Schizophrenia.com

Is this a delusion? Feeling 'special'

I am just wondering if what I am experiencing sounds like a delusion. I have had it recurring in times of illness. I don’t know if it is a delusion of grandeur, but every time I am ill, I feel like I am ‘special’ because of my sz, that I am proud to have it and it makes me even better off than normal people. Its like I don’t want to get better and be normal, because then I will lose my special status. Like I want everybody to know I am mentally ill, because it is such a special status and I want to be admired.

I know when I was in remission a few years ago that I didn’t have this, because I wanted to get better, but now I am stuck in it again, proud to have a mental illness and not wanting it to go away. It is embarrassing talking about this, because it sounds absurd, but that’s how I feel and I can’t seem to shake it off. its like every time I am sick, I am happy because I am special, and if I land up in hospital, then I revel in it, I get very happy because now I can show how special I am to others. At the same time the voices tell me I am a liar and a hypocrite because of this so-called delusion. Its confusing! What is going on do you think? I feel so ashamed of it!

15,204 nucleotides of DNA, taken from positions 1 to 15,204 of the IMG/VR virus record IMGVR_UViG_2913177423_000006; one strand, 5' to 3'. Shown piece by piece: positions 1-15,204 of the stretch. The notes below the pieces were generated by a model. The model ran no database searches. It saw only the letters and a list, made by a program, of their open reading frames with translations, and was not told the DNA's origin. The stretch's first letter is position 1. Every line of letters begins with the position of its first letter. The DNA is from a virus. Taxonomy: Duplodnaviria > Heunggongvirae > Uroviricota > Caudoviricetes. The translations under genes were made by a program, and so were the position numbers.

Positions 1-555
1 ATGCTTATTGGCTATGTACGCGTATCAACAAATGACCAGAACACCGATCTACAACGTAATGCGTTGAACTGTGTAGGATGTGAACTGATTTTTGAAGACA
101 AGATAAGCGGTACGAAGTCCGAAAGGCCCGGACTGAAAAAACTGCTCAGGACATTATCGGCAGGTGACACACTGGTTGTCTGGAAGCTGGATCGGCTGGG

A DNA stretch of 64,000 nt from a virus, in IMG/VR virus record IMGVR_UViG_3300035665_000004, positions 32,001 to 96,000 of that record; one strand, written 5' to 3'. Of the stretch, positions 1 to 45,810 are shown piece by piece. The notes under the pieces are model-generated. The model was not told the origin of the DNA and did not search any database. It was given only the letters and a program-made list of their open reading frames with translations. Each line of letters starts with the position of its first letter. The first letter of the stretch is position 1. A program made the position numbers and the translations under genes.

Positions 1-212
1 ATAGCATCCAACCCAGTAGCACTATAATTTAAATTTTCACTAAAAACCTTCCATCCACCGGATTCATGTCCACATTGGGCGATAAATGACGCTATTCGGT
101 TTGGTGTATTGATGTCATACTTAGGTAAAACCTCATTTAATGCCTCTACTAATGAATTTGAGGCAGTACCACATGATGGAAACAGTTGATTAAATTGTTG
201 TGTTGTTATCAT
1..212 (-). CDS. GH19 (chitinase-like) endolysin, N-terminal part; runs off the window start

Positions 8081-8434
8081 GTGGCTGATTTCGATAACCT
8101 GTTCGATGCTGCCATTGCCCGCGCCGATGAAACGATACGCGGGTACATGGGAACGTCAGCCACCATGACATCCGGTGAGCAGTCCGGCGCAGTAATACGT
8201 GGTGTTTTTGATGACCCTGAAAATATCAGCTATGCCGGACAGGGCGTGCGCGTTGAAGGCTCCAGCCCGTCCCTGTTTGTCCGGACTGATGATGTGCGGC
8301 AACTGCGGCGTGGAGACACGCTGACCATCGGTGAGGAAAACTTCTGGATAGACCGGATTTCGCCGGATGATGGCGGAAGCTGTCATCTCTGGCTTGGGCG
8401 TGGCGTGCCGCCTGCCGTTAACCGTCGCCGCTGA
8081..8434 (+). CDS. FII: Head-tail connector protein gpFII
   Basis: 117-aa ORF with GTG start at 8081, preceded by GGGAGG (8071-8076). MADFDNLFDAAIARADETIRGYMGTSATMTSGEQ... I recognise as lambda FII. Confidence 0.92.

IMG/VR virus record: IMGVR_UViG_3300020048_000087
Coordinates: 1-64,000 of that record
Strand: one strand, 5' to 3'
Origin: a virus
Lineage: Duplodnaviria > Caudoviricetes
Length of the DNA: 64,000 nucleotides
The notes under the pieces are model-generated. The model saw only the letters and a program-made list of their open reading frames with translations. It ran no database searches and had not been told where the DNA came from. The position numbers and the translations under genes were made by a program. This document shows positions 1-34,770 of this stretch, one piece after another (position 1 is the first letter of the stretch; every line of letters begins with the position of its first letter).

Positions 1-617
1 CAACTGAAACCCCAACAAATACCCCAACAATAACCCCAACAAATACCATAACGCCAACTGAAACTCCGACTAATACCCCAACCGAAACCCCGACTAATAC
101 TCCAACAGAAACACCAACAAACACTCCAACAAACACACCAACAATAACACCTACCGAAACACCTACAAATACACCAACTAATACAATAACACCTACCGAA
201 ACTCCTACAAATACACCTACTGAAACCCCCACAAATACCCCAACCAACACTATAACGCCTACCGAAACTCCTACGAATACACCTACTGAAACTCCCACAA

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I’ve had a long standing idea about schizophrenia being a “disease of vanity”. I won’t get into it now as it would take a lot of thought and organization to really convey what I mean and I’m feeling lazy right now. The general gist is that everything about the illness is centered around the person who’s ill.

On another note, being “special” is a huge thing these days. We tell children they’re special so much it’s like drumming it into their heads. In reality, are any of use really “special”?

Personally, I’ve felt that same sense of being “special” when ill.

I think this is how my son sometimes feels. I can only say that having sz is only part of what makes you special. I can say that I think your brain is producing a lot of dopamine right now and dopamine makes you feel good. That is what it is supposed to do. However too much of it can change how things are perceived. Just my thoughts :smile: